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Refugee and migrants' involvement in participatory spaces in a US practice‐based research network study: Responding to unanticipated priorities

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posted on 2023-05-12, 08:57 authored by Joseph LeMaster, Cory B. Lutgen, Jagtaj Matharoo, ANNE MACFARLANEANNE MACFARLANE

Background: Refugees and migrants face suboptimal involvement in spaces for primary healthcare decision‐making. Given the rising numbers of resettled refugees and migrants in primary care settings in the United States, there is an urgent need for patient‐centred outcome research in practice‐based research networks (PBRNs) with diverse ethnolinguistic communities. This study explored whether researchers, clinicians and patients would achieve consensus on (1) a common set of clinical problems that were applicable across a PBRN and (2) potential clinical interventions to address those problems to inform a patient‐centred outcomes research (PCOR) study in a similar research network. Methods: In this qualitative participatory health research study, patients from diverse ethnolinguistic communities and clinicians from seven practices in a US PBRN discussed preferences for PCOR responsive to patients and the clinicians who serve them in language‐discordant settings. Researchers and an advisory panel that included patients and clinicians from each participating practice held regular advisory meetings to monitor progress on project milestones and solve emerging problems. Participants took part in 10 sessions using Participatory Learning in Action and the World Café methods to identify and prioritise their ideas, using questions set for them by the advisory panel. Data were analysed based on principles of qualitative thematic content analysis. Results: Participants identified common barriers in language‐discordant healthcare settings, principally patient‐clinician communication barriers and suggestions to overcome these barriers. A key finding was an unanticipated consensus about the need for attention to healthcare processes rather than a clinical research priority. Negotiation with research funders enabled further analysis of potential interventions  for care processes to improve communication and shared decision‐making in consultations and the practice as a whole. Conclusion: PCOR studies should examine interventions for improving communication between patients from diverse ethnolinguistic communities and primary care staff if the sorts of harms experienced by patients experiencing language‐discordant healthcare are to be reduced or prevented. Flexibility and responsiveness from funders to unanticipated findings are key structural supports for participatory health research in primary care clinical settings with this population and others who experience marginalisation and exclusion. Patient or Public Contribution: Patients and clinicians participated in the study both in the formulation of the study question, data collection, analysis and dissemination of these results; consented to their individual participation; and reviewed early drafts of the manuscript.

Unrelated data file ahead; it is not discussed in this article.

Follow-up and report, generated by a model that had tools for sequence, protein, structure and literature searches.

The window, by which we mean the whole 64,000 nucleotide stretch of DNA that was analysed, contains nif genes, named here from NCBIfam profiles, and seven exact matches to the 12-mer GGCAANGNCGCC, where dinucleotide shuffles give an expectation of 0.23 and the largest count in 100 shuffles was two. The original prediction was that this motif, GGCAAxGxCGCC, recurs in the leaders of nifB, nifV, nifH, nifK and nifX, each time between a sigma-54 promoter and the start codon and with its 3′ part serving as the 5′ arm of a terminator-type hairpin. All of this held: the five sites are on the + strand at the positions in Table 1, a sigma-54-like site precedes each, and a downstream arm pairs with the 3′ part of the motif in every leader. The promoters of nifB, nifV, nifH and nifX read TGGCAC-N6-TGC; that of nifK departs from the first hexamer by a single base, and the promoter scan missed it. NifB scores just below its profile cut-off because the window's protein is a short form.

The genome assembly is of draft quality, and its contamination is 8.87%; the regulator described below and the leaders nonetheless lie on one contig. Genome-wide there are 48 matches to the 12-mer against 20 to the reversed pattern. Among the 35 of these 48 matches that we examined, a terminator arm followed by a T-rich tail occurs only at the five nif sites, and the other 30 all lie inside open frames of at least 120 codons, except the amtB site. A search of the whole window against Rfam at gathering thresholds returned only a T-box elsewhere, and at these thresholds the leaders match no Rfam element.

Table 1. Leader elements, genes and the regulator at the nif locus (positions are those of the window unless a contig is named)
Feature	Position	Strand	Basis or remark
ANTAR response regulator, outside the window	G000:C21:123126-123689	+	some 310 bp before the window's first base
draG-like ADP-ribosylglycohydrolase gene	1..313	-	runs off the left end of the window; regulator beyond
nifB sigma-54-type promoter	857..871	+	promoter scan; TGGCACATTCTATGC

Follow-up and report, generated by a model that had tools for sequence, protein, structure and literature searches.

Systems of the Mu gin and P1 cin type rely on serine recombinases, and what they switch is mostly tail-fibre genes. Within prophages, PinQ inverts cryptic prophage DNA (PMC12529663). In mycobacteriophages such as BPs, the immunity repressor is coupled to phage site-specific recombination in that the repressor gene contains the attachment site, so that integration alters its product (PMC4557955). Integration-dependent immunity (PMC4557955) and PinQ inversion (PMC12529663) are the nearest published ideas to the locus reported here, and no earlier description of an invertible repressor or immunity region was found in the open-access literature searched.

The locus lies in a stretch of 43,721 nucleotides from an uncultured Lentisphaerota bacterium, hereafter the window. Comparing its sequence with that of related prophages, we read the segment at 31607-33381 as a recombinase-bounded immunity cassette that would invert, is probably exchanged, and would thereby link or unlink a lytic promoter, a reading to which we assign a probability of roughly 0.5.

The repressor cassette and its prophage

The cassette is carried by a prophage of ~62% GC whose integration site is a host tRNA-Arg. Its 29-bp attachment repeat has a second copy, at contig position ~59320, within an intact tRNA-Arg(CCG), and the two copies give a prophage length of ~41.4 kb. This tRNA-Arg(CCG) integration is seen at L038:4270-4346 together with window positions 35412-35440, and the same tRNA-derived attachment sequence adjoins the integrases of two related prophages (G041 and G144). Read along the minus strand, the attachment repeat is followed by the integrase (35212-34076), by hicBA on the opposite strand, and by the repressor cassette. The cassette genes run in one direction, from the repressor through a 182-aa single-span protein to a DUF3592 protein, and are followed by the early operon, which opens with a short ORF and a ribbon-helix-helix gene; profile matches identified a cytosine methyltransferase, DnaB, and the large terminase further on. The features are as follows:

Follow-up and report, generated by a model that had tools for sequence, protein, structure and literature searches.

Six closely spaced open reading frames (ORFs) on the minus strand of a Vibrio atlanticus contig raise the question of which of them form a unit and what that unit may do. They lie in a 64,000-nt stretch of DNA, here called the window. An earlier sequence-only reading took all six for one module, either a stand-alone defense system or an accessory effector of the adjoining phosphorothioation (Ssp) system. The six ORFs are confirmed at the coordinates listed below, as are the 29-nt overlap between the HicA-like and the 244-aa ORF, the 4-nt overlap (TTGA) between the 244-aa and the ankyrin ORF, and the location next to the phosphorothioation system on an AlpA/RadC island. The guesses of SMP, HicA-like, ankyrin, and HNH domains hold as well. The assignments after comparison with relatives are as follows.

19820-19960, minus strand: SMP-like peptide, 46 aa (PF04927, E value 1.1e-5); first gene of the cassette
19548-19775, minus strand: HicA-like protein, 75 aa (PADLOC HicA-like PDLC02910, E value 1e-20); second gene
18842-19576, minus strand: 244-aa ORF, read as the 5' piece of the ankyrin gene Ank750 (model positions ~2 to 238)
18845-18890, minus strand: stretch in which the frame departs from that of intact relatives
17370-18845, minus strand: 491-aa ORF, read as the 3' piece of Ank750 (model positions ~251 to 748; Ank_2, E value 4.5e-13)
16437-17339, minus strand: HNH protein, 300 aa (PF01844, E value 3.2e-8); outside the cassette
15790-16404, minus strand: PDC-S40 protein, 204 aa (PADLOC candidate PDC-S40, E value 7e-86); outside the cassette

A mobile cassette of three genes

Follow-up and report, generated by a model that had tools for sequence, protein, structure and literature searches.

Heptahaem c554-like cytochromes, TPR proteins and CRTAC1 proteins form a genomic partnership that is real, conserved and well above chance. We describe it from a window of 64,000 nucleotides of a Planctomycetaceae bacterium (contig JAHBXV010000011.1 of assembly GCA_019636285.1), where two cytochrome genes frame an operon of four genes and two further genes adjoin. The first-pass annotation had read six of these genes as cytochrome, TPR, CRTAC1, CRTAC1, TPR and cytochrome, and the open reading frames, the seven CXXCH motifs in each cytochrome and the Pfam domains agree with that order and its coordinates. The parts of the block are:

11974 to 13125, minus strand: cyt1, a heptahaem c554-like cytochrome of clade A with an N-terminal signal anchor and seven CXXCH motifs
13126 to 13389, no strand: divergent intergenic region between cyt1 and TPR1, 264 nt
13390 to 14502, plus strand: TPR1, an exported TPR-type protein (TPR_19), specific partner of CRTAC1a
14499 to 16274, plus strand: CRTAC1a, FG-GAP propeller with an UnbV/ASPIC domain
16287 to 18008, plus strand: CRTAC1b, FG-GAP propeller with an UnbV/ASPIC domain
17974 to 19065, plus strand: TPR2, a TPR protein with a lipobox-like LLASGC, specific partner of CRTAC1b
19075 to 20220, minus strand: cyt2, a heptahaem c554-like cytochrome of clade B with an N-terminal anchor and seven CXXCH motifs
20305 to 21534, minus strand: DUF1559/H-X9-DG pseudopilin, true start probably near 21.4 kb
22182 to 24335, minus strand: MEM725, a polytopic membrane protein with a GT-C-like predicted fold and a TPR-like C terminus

Funding

Patient‐Centered Outcomes Research Institute (PCORI) Engagement Award (12694)

History

Publication

Health Expectations pp. 1-10

Publisher

John Wiley & Sons Ltd.

Department or School

  • School of Medicine

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